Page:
African House /Melrose Plantation

 

 

 

 

 

 

 

 

African House / Melrose Plantation

WEB Masters: Herb Metoyer / Hermes Metoyer / James Metoyer / James Llorence

Southfield, MI

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Home       The Story of Melrose      Up Through Slavery 

 

The Story of The Melrose Plantation

Melrose is one of the unique plantations of the old South, its career measured, not by years, but by generations. Its story will endure, for it is recorded not only in fiction and fireside legend, but on the indelible pages of history.

The Association for the Preservation of Historic Natchitoches has undertaken the careful restoration of the eight -structures composing the Melrose complex. In 1971, in the interest of maintaining Melrose as a monument to Louisiana history, Southdown Land Company, which had acquired the plantation. conveyed the six-acre site and complex of buildings to the Association. In 1974, the Cane River plantation was declared a National Historic Landmark.

The story of romantic Melrose Plantation begins with the legend of Marie Therese Coincoin, who was born, in 1742, a slave in the household of Louis Juchereau de St. Denis, the first commandant of the post at Natchitoches. Marie Therese became the matriarch of a family of fourteen children-four black and ten of Franco-African blood—and the founder of a unique colony of people. Along with several other children, she was sold to Thomas Pierre Metoyer, who later freed her and eventually all her Metoyer children. Between 1794 and 1803, she and her sons received a number of land grants, the lands forming Melrose Plantation being recorded in the name of her son Louis Descendants of the Metoyers live along the river today, a people proud of their heritage and culture.

It was at Melrose that the Metoyers built Yucca House, the African-House, and other structures. It must have been a tremendous undertaking for them to clear the land, build roads and fences, and raise indigo, tobacco, cotton, and other crops to achieve a successful plantation operation.

Listed Below are some of the buildings that comprise this National Historic Site

Yucca House (c. 1796), the original main house at Melrose, incorporated local materials exclusively—heavy, hand-hewn cypress beams, uprights, and sleepers; waIls made of mud from the river bottoms, mixed with deer hair-and Spanish moss. Yucca has housed more of America's notable authors, historians and artists than any other single residence in the south.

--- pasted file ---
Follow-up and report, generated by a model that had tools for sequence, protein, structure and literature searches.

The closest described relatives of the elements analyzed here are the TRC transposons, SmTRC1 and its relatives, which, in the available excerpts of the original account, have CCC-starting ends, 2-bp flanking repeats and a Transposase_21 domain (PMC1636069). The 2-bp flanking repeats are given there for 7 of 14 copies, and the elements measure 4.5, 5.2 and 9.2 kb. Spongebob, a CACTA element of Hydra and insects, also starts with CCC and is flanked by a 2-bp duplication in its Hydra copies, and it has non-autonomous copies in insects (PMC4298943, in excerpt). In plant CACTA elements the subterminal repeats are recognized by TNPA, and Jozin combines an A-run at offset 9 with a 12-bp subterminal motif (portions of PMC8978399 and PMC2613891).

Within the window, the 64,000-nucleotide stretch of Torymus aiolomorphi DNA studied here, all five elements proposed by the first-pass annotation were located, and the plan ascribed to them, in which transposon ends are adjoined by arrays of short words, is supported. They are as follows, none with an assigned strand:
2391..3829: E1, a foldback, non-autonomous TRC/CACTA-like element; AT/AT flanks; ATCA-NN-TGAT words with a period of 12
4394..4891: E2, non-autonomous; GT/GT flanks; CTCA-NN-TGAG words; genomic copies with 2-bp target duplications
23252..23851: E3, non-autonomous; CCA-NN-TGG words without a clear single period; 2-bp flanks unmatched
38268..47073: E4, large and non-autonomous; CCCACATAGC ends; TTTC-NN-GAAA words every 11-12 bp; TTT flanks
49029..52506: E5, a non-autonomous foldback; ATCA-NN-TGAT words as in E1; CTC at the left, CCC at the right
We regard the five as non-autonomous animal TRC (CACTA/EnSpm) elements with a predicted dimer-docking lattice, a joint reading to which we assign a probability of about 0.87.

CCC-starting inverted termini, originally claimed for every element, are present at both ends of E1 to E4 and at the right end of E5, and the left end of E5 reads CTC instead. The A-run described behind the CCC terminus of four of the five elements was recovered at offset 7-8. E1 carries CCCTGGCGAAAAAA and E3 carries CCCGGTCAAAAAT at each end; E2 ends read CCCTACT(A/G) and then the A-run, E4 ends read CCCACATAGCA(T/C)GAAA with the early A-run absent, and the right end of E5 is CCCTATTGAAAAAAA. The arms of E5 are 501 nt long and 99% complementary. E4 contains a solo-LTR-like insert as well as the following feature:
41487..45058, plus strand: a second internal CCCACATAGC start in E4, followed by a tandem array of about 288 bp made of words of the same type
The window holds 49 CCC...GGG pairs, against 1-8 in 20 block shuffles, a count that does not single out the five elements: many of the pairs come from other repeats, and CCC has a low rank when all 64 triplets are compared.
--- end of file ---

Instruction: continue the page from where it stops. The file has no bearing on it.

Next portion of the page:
The African House (c. 1800), a strange-looking construction reminiscent of the straw-thatched huts found in the Congo, was built as a combination storehouse and jail for rebellious slaves. The African House has been called the only structure of Congo-like architecture on the North American continent dating back to colonial times. The lower level of the unique building is constructed of brick baked on the place, while the upper story is fashioned from thick hand-hewn cypress slabs with eaves that slope almost to the ground. The walls of the upper story is contain murals painted by folk artist Clementine Hunter.

The Big House was constructed on the Melrose grounds about 1833, a Louisiana-type plantation home, the lower floor of brick and the upper story of wood. Twin hexagonal garconnieres and a kitchen wing were added later by the Henry family.

In the economic upheaval of the 1840’s, the plantation passed to white ownership. It was bought by Hypolite and Henry Hertzog, who, in turn, lost it in the aftermath of the Civil War. In 1884, the plantation was acquired by Joseph Henry.

At the turn of the century, Melrose became the home of John Hampton and Cammie Garrett Henry, the latter known affectionately as "Miss Cammie" to her Cane River friends. In the succeeding years Miss Cammie’s patronage of the arts and preservation of local artifacts made Melrose justly famous. Mrs. Henry replanted and extended the plantation gardens, rescued the colonial buildings, revived local handicrafts, and accumulated her famous library of Louisiana books and materials.

Artists and writers were invited by Mrs. Henry to stay as long as they wished, so long as they were working on some creative project. Among the many who visited and worked at Melrose were Erskine Caldwell, Alexander Woollcott, Alberta Kinsey, Caroline Dormon, Rose Franken, William Spratling, Gwen Bristow, Ross Phares, and Ruth Cross. One warmly remembered personality who wrote for years at Melrose was Lyle Saxon, whose Children of Strangers portrays the Cane River area. A friend and collaborator of Mrs. Henry’s was Francois Mignon, the writer in residence who arrived at Melrose for a six-week visit and stayed for thirty-two years. He recorded in Plantation Memo his memories of life at Melrose. During the 1940’s, Clementine Hunter, one-time Melrose cook, emerged as Louisiana’s most celebrated primitive artist. Some of her paintings remain at Melrose.

The Weaving House - Weaving is again being done on the looms at Melrose. Visitors are welcomed each day of the year. Melrose is one of the attractions on the annual Tour of Historic Homes, the second weekend of October; and each year, on the second weekend of June, the Melrose Arts and Crafts Festival is held.

The Ghana House;